The Great Dying: How the Dinosaurs Had It Easy

Long ago, an asteroid caused the most well-known mass extinction.
Image courtesy of Don Davis via Wikimedia Commons 

More than 65 million years ago, the sky rumbled. Some dinosaurs in present-day Mexico may have briefly tried to run before they were instantly vaporised by the impact of a 15km wide asteroid. Almost all other dinosaurs, and most other life, would then die in the ensuing impact winter.

This, of course, is the asteroid impact that caused the extinction of all non-avian dinosaurs, as well as the loss of more than 70% of all species on earth.

Such a massive loss of life is known as a mass extinction. Throughout earth’s history, there has been five major mass extinctions, with the one that killed the dinosaurs being the most recent and well known. Known as the Cretaceous–Tertiary (K–T) extinction, while it is the most represented extinction event in popular culture (by far!), the K-T extinction was by no means the most severe. That title is held by the Permian–Triassic extinction event; also known as the Great Dying.

The extinction of almost all life

The great dying occurred 251 million years ago. Over the course of as little as 20,000 years, around 90% of all species went extinct, vanishing from the fossil record. Sea life was particularly affected, with 95% of all marine species being lost. Trilobites, who once dominated the entire ocean, were wiped out completely.

On land, things weren’t much better. Around 70% of all terrestrial vertebrate species went extinct, with large animals being more susceptible to extinction. Surviving the extinction were small, dog-sized, egg-laying, warm-blooded creatures called Cynodonts, who are the ancestors to all mammal species.

The effects of the mass extinction were so great that plants and insects, usually impervious to extinction events, also felt the pain. Approximately 50% of plant species, and 60% of insect species, did not make it.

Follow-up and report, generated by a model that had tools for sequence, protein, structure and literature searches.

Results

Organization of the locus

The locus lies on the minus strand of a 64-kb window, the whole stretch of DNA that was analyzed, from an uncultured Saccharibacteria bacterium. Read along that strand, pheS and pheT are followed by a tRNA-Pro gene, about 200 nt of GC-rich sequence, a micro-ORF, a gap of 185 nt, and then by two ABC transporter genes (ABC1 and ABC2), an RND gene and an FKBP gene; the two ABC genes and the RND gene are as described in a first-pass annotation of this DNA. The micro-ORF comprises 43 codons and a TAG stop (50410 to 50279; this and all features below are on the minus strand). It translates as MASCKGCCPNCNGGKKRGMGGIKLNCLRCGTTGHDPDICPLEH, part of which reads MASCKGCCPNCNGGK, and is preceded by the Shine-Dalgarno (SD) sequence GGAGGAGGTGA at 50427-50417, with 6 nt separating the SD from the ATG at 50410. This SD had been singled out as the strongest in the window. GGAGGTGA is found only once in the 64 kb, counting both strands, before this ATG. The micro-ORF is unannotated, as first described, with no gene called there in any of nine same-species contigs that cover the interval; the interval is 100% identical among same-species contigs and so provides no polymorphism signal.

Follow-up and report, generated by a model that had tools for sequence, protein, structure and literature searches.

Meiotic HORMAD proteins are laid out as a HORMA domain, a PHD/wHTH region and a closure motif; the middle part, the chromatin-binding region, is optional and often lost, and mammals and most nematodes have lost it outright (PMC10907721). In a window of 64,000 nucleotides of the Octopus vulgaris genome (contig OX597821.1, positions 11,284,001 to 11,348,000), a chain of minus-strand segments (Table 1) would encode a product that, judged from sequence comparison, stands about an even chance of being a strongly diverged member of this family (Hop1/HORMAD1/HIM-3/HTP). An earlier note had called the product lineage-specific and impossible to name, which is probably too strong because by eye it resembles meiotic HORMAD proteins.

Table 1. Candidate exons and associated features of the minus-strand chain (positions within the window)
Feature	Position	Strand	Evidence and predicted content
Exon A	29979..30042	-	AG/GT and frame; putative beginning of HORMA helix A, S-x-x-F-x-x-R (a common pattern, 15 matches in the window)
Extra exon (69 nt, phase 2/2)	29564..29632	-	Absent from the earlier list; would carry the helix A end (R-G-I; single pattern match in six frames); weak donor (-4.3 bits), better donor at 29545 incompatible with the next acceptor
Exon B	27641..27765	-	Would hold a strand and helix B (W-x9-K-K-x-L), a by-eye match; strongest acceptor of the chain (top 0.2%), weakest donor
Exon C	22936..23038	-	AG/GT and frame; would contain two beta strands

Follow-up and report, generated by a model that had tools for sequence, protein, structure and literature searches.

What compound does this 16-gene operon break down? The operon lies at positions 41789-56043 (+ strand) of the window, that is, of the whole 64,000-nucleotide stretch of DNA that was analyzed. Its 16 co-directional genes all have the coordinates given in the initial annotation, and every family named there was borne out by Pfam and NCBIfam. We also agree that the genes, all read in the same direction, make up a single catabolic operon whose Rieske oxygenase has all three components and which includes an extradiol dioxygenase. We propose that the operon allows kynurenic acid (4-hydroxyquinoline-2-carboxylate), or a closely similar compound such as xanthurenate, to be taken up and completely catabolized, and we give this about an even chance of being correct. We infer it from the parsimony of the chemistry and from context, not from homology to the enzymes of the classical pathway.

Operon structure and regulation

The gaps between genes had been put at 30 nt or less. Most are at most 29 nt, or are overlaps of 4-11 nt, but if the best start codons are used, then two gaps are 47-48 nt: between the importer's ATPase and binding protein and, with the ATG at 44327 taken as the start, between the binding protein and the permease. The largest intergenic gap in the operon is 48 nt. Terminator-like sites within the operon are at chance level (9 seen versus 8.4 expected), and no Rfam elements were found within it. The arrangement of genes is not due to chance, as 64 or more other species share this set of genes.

After the extinction of most land animals, some species such as the Cynodonts were able to proliferate and diversify. Image courtesy of Nobu Tamura, via Wikimedia Commons

What caused this?

Unfortunately, as these events all transpired more than 250 million years ago, evidence regarding exact causes are scarce. Rocks that would tell us the exact cause of extinction have been either lost to the eons, or be buried under kilometres of rock.  However, there are several credible theories on what happened.

The most commonly held belief is that the climate warmed due to extreme volcanism. The great dying coincides with the creation of the Siberian Traps, a huge volcanic field in Russia. The Siberian traps is an enormous plain of volcanic rock, created during 2 million years of continual volcanic eruptions that expelled an absolutely enormous amount lava and greenhouse gasses.

This volcanism would’ve produced short term effects such as blotting out the sun and creating vast amounts of acid rain. This alone had devastating effects on the environment, especially forests and marine life. However, the real killer was a huge increase in global temperature.

Estimates put the atmospheric CO2 at 2000ppm. In comparison, today the CO2 levels are at 410ppm.  Global temperatures must have soared, warming equatorial waters to an average temp of over 40°C: 13 degrees higher than today’s average. Devastating to sea life, such an event would account for the extreme amount of marine species that went extinct.

 

There are other theories: a popular one suggests that there was an asteroid impact, similar to the one that killed the dinosaurs, that caused the Great Dying. Another states that the climate change was simply due to the formation of the supercontinent Pangea, and the subsequent changing of the ocean currents.

Ultimately, there is too little evidence for any theory to be the definitive truth. The cause of the greatest mass extinction of all time may forever remain a mystery.

 


5 Responses to “The Great Dying: How the Dinosaurs Had It Easy”

  1. Gary Yang says:

    Cheers Chris!

  2. Christopher Aitken says:

    Nice post Gary. I’d never heard of how high CO2 levels may have spiked during the eruptions. 2000ppm certainly is a lot.

  3. Gary Yang says:

    Thanks for the comments guys.

    arburgess, it’s a common theory that the sixth mass extinction is an anthropogenic one.

    Sophia, the thinking is that there isn’t a single way that CO2 fell. The earth naturally regulates CO2 levels through a number of different ways, and over millions of years (at least 30 million) CO2 was drawn down from the atmosphere by plant life, erosion, plankton etc. The carbon cycle as a whole brought down the levels.

  4. Sophia To says:

    Really enjoyed this article – pretty crazy to think that an entirely different world existed eons ago. Are there any theories about how the immensely high CO2 levels managed to come down again to what it is today?

  5. arburgess says:

    I had no idea there was such a big extinction before the dinosaurs. Kind of scary to think that humans will probably be part of the next great extinction!